By Eric Dineen & Michael Mills

Definition: Aggressive behaviors that produce injuries and can result in death.

  • Includes intentional and unintentional injuries
  • Gun violence, Domestic Violence, Bullying, Terrorism.
  • Physical Abuse resulting in impairment.

Factors Contributing to Violence:
  • Poverty/ Economic Difficulty
  • Unemployment
  • Personal/cultural beliefs
  • Religious/Political differences
  • Breakdowns in Criminal Justice System
  • Mental health issues/Anger
  • Substance abuse problems
  • Abusive Parents
  • Poor functioning family
  • Social rejection
  • Poor punishments as a child due to lack of parental control

Domestic Violence

-The use of force to control and maintain power over another person in the home environment

1/3 women, 1/10 men have been victims of domestic violence

Intimate Partner Violence: physical, sexual, or psychological harm done by a current or former partner or spouse

Usually a pattern of abusive behavior from the same spouse in a relationship

Cycle of violence in relationships:

  1. Tension Building - breakdowns in communication, anger aggression, growing tension, fear

  2. Incident of acute battering - Attacker tends to acted shocked and deney abuse, or blame victim

  3. Remorse/Reconciliation - After the attack, the abuser may falsey act kind, loving, apologetic

Sexual assault -Any act in which one person is sexually intimate with another without that person's consent

(Example: Any forced Sexual Intercourse such as Child molestation, Incest, even fondling)

Rape - Sexual penetration without the victim's consent

Statutory Rape- This is an unlawful sexual act with a person below a designated age

Contributing Factors to Sexual Violence

  • Possible alcohol abuse

  • Mental health issues

  • Jealousy/ Issues of power & control

  • Low self-esteem

  • Depression
  • Suicidal Thoughts
  • Unrepairable damage

Indications of Violence

Are you concerned that someone you care about is experiencing abuse? Maybe you’ve noticed some signs, including:
  • Their partner puts them down in front of other people
  • They are constantly worried about making their partner angry
  • They make excuses for their partner’s behavior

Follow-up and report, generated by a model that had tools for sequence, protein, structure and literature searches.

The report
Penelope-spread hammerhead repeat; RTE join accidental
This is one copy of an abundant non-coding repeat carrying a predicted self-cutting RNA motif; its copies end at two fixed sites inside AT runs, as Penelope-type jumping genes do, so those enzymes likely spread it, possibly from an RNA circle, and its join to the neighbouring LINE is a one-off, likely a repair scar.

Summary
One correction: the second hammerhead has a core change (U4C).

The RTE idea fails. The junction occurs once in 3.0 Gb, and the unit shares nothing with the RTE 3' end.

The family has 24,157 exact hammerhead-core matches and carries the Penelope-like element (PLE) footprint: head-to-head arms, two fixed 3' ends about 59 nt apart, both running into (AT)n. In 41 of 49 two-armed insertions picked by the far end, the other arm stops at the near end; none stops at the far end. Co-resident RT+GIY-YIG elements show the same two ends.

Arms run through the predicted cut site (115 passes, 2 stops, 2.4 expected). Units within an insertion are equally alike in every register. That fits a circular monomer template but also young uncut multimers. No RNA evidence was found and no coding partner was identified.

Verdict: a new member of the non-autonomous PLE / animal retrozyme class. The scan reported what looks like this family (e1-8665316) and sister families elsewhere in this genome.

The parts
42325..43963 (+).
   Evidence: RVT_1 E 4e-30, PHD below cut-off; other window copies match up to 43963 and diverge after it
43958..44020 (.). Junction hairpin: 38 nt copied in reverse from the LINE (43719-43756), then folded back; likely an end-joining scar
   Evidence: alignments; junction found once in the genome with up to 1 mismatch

• Their partner is extremely jealous or possessive
  • They have unexplained marks or injuries
  • They’ve stopped spending time with friends and family
  • They are depressed or anxious, or you notice changes in their personality

Dealing with Sexual Harassment in School or Workplace

  1. Teller harasser to stop - Be clear and direct

  2. Document the Harassment - Record each incident to help make your case

  3. Avoid contact with the harasser - Avoid being alone with them

  4. Complain to a higher authority - legal authorities, instructors, counseling psychologists

  5. Remember that you have done nothing wrong - Feel proud that you are not keeping silent

DON'T BE A BYSTANDER (2 minute video)

The National Domestic Violence Hotline # 1(800)799-7233

By Steven Soifer
What is bullying?
Bullying is an unwanted, aggressive behavior among school aged children that involves a real or perceived power imbalance. The behavior is repeated, or has the potential to be repeated, over time. Both kids who are bullied and who bully others may have serious, lasting problems.
Kids who bully use their power—such as physical strength, access to embarrassing information, or popularity—to control or harm others. Power imbalances can change over time and in different situations, even if they involve the same people.

What Causes Bullying?
Bullies come from dysfunctional families.
A dysfunctional family is not a guarantee that a child will become a bully. However, a large number of bullies come from homes where there is little affection and openness. They may often witness their parents being aggressive toward friends, siblings or other members of the family.

Bullies need to be in control.
Kids who push others around are often driven by the need for power. They enjoy being able to attack others. These types of kids are typically impulsive and they Succed when their victims cower when they are in front of them. They don't care how other people feel.

Bullies don’t care how others feel.
Some children either lack feeling or like to see others in pain. When they hurt someone, they have no sense of what the people around them are feeling. Sometimes a perpetrator may even get pleasure from seeing a child cry as he kicks him down the hallway. The reactions of the victims gives the bully a sense of accomplishment, so he continues the behavior.

How does it affects people?
external image cyberbullies.jpg
The Main 3 Types of Bullying
Physical Bullying
Verbal Bullying
Emotional Bullying

Sub types of Bullying